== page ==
The Bamar are the majority ethnic group among the various peoples who co-founded the Union of Myanmar (Burma). Seven other minorities make up as many states of Myanmar: Chin, Kachin, Kayah (Karenni), Kayin (Karen), Mon, Rakhine (Arakan) and Shan. All of them participated in the formation of the Union of Myanmar in 1948 to achieve independence from the United Kingdom. The principles of equality and autonomy were enshrined in the so-called Panglong Agreement 1947. It was a time of great hope for the future of our country.
Unfortunately, the promises of the Panglong Accord were quickly forgotten. Negotiations to end the political stalemate have repeatedly failed and armed conflicts have continued to this day. Recently, hope for a political solution was sought in the 2015 National Ceasefire Agreement and the 21st Century Panglong Conference that began in 2016. However, both have not achieved the expected political change.
General elections are now scheduled for next November, but with a faltering peace process, the question remains whether equality can be achieved through elections in the current political system or whether the results will further entrench inequalities and inequality. marginalization that have been at the heart of state failure since 1948. The biggest challenge is the electoral system itself. The 2008 constitution established a system of pseudo-civil democracy that includes the existence of parliaments both at the national and at the state or regional level. However, the electoral system favors the large national parties; and in particular the National League for Democracy (NLD) led by Aung San Suu Kyi and the USDP.
Furthermore, the 2008 constitution is a civil-military hybrid, which prevents the granting of democratic rights to different ethnic groups. According to the unique agreements that gave rise to this constitution, the Armed Forces, dominated by the majority Bamar population, have reserved a quarter of all seats and control of three ministries (Defense, Interior and Border Affairs); This reduces the chances that the different ethnic groups, even though they are a majority population in their territories, have an adequate number of representatives in the chambers.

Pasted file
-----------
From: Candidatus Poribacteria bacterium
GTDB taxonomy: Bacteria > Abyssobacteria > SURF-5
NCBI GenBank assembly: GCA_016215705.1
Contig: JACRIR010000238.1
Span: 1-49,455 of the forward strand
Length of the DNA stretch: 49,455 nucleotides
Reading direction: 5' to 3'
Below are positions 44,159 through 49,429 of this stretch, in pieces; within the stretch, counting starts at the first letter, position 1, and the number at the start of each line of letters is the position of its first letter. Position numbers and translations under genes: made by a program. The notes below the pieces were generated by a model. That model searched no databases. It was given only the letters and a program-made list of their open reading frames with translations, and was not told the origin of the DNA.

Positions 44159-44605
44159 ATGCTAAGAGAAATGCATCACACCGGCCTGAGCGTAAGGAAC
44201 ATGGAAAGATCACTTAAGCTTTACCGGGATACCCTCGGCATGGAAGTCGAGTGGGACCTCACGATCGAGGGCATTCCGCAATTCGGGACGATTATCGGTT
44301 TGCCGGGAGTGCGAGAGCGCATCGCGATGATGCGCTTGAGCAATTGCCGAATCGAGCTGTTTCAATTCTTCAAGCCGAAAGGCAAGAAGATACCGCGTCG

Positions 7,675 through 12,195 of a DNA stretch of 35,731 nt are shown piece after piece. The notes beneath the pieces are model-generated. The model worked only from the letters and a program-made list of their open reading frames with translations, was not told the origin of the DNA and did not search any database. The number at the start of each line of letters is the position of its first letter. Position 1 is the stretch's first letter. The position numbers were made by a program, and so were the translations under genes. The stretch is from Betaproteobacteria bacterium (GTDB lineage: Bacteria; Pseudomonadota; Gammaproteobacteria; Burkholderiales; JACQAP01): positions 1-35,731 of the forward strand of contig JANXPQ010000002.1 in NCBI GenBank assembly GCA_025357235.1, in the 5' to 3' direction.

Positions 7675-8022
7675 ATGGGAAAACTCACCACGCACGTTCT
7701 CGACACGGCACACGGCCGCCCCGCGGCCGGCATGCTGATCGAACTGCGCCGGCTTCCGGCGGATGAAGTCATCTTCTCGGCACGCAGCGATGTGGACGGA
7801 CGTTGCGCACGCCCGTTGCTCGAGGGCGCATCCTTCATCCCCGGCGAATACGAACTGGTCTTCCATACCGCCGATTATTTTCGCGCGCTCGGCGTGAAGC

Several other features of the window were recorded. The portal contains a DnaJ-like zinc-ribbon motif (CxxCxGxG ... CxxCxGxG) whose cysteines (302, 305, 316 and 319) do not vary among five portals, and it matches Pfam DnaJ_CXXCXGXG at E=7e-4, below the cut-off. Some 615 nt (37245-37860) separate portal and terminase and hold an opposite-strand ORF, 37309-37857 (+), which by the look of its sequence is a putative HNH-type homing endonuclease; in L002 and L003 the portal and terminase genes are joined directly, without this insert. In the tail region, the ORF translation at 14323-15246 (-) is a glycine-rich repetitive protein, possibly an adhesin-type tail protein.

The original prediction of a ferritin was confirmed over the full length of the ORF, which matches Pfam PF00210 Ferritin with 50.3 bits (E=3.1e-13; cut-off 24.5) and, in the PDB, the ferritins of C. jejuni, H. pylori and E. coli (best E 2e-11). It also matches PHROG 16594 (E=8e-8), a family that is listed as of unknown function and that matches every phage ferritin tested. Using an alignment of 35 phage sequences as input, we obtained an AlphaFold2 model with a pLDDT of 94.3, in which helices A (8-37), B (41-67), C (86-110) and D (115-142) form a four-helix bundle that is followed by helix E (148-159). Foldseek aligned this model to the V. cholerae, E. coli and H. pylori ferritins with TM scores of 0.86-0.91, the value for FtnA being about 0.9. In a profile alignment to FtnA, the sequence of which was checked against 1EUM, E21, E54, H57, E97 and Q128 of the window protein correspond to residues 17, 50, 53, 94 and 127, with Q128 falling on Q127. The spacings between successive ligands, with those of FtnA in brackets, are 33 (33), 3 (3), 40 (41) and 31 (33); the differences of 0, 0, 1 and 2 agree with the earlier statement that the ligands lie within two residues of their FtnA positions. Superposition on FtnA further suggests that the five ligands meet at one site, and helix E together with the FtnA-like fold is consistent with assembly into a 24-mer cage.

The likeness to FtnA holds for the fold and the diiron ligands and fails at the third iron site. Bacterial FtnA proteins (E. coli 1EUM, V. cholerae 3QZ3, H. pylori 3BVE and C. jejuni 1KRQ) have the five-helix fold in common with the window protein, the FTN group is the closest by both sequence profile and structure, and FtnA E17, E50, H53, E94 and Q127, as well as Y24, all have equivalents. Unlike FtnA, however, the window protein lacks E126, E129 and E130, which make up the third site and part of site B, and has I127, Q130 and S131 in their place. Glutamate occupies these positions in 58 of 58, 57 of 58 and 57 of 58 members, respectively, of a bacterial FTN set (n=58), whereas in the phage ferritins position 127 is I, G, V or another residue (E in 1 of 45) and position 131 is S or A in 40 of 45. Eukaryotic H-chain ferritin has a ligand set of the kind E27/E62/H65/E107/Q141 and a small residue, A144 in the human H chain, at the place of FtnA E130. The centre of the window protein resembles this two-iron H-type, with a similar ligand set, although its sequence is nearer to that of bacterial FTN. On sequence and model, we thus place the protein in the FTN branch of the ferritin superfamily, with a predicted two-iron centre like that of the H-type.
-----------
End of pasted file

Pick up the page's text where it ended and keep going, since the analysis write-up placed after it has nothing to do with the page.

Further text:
The data speaks for itself: ethnic minorities make up about a third of the 54 million people in the country. But only 19 of the 224 MPs in the current Upper House are members of parties from ethnic groups other than the Bamar, while the figure is just 37 of 440 MPs in the Lower House.
Despite the fact that ethnic minorities make up approximately one third of the country’s 54 million inhabitants, their parliamentary representation is minimal in the Upper and Lower Houses
To address these deficiencies, the most obvious would be a proportional representation system and a coalition government between the majority national party and the parties of ethnic representation; this would mark important steps towards national reconciliation. Unfortunately, as the November elections approach, there are few signs that these deficiencies are being addressed, rather, there are a number of factors that benefit national parties; in particular: the delimitation of electoral districts; the displacement and migratory movements of the population and the role of the Armed Forces.
The electoral district system is configured in such a way that the government will always be controlled by the majority population in central Myanmar, where political power is concentrated. The second cause of ethnic underrepresentation is ongoing armed conflict. It is known that in several electoral districts in the states of Kachin, Karen, Rakhine and Shan, heavily affected by armed violence, elections will be suspended for security reasons. At the same time, there are more than two million displaced people and refugees in the border areas with Bangladesh, China, India and Thailand; all of them belong to ethnic minorities. In addition, there are an estimated four million emigrants in neighboring countries, most of whom are not Bamar peoples; but practically none of them will have the opportunity to vote in the next elections.
In addition, military representatives already hold 25% of the seats in the chambers, but their influence is reinforced through the “resettlement” of veterans and the establishment of militias in different states and ethnic regions. These local militias, as well as soldiers, families and army veterans, supported the USDP in the last two general elections, in this way, the army has more power in ethnic areas, beyond 25% of the seats that the constitution grants them in the chambers.
Finally, with the campaign restrictions imposed by COVID-19, the large national parties will once again take advantage of these circumstances to obtain electoral advantages. This is why the current electoral system does not guarantee fair representation as a means to achieve equality and peace in Myanmar. However, it is vital that this moment of reflection is not missed. The November elections should mark a milestone in which the shortcomings of the current political system are understood and the commitment to give a definitive push for peace and reform towards a true democracy that takes into account ethnic minorities is truly renewed.
Lahpai Seng Raw has been awarded the 2013 Ramon Magsaysay Prize (equivalent to the Nobel Peace Prize in Asia) and is a co-founder of the Metta Development Foundation and Airavati.